Today we're going to talk about an already well-known technique, but maybe unknown to those who are just starting to work with Scrum, named 5 Whys. This technique was taken from the Agile Retrospectives – Making Good Teams Great book, which by the way is highly recommended for those who wants to learn more about what concepts are involved in a team retrospective and/or is in search of different techniques to vary the meetings of their team.
If we search a little bit more about this technique on the Internet, is easy to find out that this type of analysis was originated at the Toyota Motor Corporation. It proved to be extremely effective for identifying the root cause of a problem. On Scrum, this quality has been confirmed and, for that, this technique is considered by teams whenever it's necessary giving that little push so that the team sits and thinks about what's bothering them.
How does it work?
The intention here is to make the team reflects about the root cause of problems through 5 rounds of the question "Why?", asked in sequence. This way the team member can go deep on the reasons that created the problems and reach items that wouldn't even be considered as a cause of that issue.
With that being said, this technique works as the following:
1. Person 1 asks Person 2 why an event or a problem happened.
2. Person 1 asks Person 2 why Answer 1 happened.
3. Person 1 asks Person 2 why Answer 2 happened.
4. It goes on until Person 1 gets answer 5. Keep the answers for the 4th and 5th "Why".
Before starting, it is necessary to gather with the team what issues are bothering them and should be taken in consideration. Done that, the dynamics go as follows:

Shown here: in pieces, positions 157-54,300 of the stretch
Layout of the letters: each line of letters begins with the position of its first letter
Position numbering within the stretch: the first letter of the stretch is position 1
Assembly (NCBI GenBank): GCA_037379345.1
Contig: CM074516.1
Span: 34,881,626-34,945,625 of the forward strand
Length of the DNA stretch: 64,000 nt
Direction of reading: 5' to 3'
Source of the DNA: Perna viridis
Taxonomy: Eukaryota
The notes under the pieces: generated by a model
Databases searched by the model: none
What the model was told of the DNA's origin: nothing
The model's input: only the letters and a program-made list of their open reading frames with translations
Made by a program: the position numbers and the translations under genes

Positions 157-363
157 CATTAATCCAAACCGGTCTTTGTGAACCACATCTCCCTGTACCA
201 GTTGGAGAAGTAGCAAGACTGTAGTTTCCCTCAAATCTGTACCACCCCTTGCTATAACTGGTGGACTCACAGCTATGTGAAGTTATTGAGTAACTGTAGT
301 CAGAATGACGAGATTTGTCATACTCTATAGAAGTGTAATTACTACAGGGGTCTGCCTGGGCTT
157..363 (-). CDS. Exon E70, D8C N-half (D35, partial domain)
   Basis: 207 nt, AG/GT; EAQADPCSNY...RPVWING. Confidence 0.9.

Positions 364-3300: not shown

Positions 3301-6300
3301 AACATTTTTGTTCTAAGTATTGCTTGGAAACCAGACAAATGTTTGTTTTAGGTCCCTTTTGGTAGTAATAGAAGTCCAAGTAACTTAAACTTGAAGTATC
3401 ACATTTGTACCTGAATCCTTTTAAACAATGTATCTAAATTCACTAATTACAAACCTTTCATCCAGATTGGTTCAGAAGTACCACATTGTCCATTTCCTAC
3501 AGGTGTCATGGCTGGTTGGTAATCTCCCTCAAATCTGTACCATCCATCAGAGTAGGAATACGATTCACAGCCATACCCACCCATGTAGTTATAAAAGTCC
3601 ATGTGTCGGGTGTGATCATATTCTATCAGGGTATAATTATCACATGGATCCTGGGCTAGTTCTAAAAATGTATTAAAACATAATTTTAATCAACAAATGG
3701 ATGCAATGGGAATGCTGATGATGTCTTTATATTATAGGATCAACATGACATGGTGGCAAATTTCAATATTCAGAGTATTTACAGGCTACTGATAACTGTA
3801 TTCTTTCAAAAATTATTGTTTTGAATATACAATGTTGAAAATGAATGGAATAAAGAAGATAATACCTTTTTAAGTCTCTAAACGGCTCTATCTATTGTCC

1. Read the problems identified for everyone.
2. Split the team in pair or groups of 4.
3. Explain the process and monitor the time, it shouldn't be more than 5 to 10 minutes.
4. Ask the groups to expose to all what they have found out.
5. Use the information raised to the next phase of the Retrospective, where you decide what actions to take.
5 Whys in practice
When we tried this technique with one of our teams, it was slightly adapted and there is no problem in that. The techniques we find are very much valuable to direct us, but we should always adjust them to our realities and, whenever we want, we should create our own techniques, why not?
Adaptation 1: it was an individual work
I decided to do it individually, in other words, each member would ask himself the sequence of questions. This decision was made due to a particularity of this team that didn't accomodate the technique to be taken in pairs or small groups. I asked them to write down their own answers so that each could share with everyone later and I believe it worked just fine.
As a negative point of this adaptation is the fact that, maybe, by working alone, the person try less harder to reflect and give real valuable answers to the "Whys". It depends on the team and, in our case, that wasn't a real problem.
Adaptation 2: we talked about only ONE problem
Although the dynamics does not restrict the amount of problems that can be treated, I thought that electing only one to be analyzed was good. I believe that sometimes, when we consider too many points in one retrospective, we end up leaving the meeting with too many actions and we risk losing focus. Therefore, given the nature of this dynamic, I thought it was best to focus on only one point of improvement. I think it was a right decision, because the results actually showed up on the next Sprint.
Adaptation 3: we kept ALL the answers
I thought it would be nice to keep all the answers, so that we could follow the reasoning of each one and evaluate whether the reasons that led to the root causes root causes were the same.
I enjoyed this technique very much and my team did too. It's really amazing to see the answers that emerge at every question and see that the root cause of the issue raised, in fact, is much deeper than the reasons raised earlier. In our case, we had a spot that appeared recurrently in Retrospectives and after the 5 Whys we were able to improve the issue and pursue actions that in fact would correct the problem.
So, what do you think? Think it's worth a try with your team? After the meeting, come back to tell us how it went. See you!